Gumption: Judi Dench

I thought I would start a weekly post on public figures I admire.  I’m a true believer that our identities are continually shaped by those around us and there are an endless number of peers and loved ones I draw inspiration from.  That’s probably one of the most exciting things about being here–that our characters are very relational and fluid.

I also want to call this weekly post “Gumption” because it refers to courage, resourcefulness and spunk.  In my opinion it’s one of the most important traits to continually develop in ourselves because the most important thing we can do is put ourselves out there.

So, the first person I admire is Dame Judi Dench.  Not only is she a talented actress in both dramatic and comedic roles, but she brings a strength to all of her performances that is so inspiring.

To not be a ‘woman’ at all

The other night I watched “Woman of the year” (1942) which is the first movie that Spencer Tracy and Katherine Hepburn worked on together.  Their on-screen chemistry is legendary and the pair went onto to collaborate on nine films in total.  In their personal lives they had a long partnership but never married because Tracy being a Catholic could not divorce his wife.  He lived with Katherine while being estranged from his wife till his death and the couple maintained a “secret” relationship.  When Spencer Tracy died Katherine called up his wife and asked to be friends and to offer help raising the kids but his wife responded “oh, I thought you were a rumor.”  Pretty heavy and complicated stuff.

With regards to the film “Woman of the year” I absolutely loved it.  Tracy is a gruff sports writer and what you would classify as a “man’s man.”  As problematic as classifications always are, let just say that he’s a man who would want his wife to cater to his every emotional and material need.  However, he’s attracted to and marries Hepburn’s character Tess who is a political analyst, intelligent and busy. After their courtship the film documents all the strain that is being but on the couple by Tess’ schedule and travel demands.  When the relationship has deteriorated Tracy indicates that Tess may be awarded “woman of year” by the public but she’s not a “woman” at all.  I promise that there is a happy ending and a famous breakfast scene where Tess tries to cook for him and show him that she is a “woman.”  The scene is pure comic genius.

No matter how I may have gasped at her attempts at reconciliation and the concessions she makes in her career and identity, these were the pressures placed on women in the 1940s.  Although circumstances have changed for woman today I don’t believe that it’s completely gone.  My own husband and those of my other friends are willing to help out with household duties that men of another generation would have been appalled at.  However, I believe that it is way more complicated than that.  There are definitely generational differences that I observe even in my own life.  Our mothers are women who fought hard to have careers and maintain the family life at the same time.  Whether these goals were met through paid childcare or other assistance, they are proud that many of them “have it all.”  I sense an anxiety there that they have to come home exhausted and still cater to the needs of their families with perfection.  Is it wrong that I don’t feel the same sort of pressure?  Is it because I’m just lucky to have a supportive and actual “partner” who puts in the time to develop our relationship and home?  The truth of the matter is that I feel like for many women of my generation careers are a given, giving up employment to be mother is not something to be ashamed of, and every single thing does not have to be perfect anymore.  If being a “woman” and an empowered one at that no longer has the baggage of putting on a facade I am grateful.  This is not to say that I don’t acknowledge all of the work and sacrifices that came before us to get us where we are today.  I just hope to raise a generation after us who knows that the most important thing is choice, acceptance and the embracing of frailty.  There is something beautiful in knowing that your sense of self is strong and ever-changing and to own what you choose to build for yourself.  I believe it’s crucial to take responsibility for your choices, really being in the moment and supporting other women on their paths.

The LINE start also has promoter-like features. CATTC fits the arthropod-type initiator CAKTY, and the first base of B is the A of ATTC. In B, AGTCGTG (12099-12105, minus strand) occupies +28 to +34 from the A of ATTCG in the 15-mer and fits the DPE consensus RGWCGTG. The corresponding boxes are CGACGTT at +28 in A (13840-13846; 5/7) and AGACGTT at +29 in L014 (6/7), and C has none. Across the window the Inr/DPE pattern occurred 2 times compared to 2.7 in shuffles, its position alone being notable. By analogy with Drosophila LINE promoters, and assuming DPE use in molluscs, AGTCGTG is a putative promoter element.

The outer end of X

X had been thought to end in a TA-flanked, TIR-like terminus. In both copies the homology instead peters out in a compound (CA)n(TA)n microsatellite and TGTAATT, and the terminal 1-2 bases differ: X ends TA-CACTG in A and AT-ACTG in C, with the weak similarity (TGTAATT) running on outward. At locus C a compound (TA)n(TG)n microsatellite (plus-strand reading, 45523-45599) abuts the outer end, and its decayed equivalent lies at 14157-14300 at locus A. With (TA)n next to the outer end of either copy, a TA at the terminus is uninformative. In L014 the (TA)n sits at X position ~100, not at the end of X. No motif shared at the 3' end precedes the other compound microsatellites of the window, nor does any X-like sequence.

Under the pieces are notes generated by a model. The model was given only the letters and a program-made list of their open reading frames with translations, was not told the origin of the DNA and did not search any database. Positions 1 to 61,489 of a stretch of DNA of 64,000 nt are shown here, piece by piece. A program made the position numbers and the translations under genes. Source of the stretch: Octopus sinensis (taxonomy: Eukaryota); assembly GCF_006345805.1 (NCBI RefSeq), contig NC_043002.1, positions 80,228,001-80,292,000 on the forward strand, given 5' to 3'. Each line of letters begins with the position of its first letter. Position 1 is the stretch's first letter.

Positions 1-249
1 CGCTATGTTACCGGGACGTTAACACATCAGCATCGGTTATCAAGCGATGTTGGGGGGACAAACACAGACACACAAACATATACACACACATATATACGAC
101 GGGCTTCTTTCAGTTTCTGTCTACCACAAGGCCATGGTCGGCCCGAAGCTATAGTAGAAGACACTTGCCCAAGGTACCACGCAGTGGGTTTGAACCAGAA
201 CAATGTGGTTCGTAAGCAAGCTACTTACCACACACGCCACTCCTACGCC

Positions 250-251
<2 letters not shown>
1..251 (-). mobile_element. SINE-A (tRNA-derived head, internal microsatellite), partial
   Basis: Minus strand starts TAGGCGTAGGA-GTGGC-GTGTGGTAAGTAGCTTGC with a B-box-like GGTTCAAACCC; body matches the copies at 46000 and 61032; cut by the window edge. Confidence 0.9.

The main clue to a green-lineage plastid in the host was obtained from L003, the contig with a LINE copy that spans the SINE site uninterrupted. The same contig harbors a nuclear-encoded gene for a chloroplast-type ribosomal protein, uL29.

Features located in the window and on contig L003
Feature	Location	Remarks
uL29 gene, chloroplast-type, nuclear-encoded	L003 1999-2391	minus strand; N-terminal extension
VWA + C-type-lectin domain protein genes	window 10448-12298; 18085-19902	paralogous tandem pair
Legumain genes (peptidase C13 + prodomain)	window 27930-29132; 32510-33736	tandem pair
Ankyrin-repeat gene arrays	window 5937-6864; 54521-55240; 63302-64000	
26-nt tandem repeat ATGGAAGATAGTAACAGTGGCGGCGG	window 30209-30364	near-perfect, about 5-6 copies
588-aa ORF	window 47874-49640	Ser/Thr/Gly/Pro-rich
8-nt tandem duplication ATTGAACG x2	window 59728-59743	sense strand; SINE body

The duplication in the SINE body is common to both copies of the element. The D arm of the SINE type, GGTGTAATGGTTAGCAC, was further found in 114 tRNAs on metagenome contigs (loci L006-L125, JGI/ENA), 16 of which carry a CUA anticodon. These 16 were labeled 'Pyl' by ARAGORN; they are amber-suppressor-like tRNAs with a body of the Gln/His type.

Situating.



I’ve wanted to do this for a long time.  Write a blog that is.  I even started one a few months ago but couldn’t commit so there is a lone entry out there in the blog “just be” that’s destined to go nowhere.  I was living in Thailand at the time and I thought that it would be the perfect way to start this project–when I am abroad and feeling so much.  I’ve read a few books that were former blogs and they always began with some sort of project or journey and this would be mine: a young woman living alone in Southeast Asia for the first time, loving it but also missing the life she left behind. Somehow it didn’t feel right so I let it be.  Now I am back and here to share stories, projects, and actual things that are helpful, enriching and wonderful in my daily life. I’m also back home with my husband, family and best friends.  Instead of talking about the negatives I will mainly be posting about what I love because it’s so much more fun to talk about.  There’s already a lot of negativity out there no?

The reason I have called this entry “situating” is because that concept is very important for me when I’m reflecting and for this blog.  I am currently entering my late twenties, married and a graduate student.  But with life choices and fate things will continue to change and my taste will also.  So, I hope this blog documents all of these transformations but also allows me to reflect on what has been helpful in the past.  It really has been a learning experience to get here and I look forward to all there is to love in the future.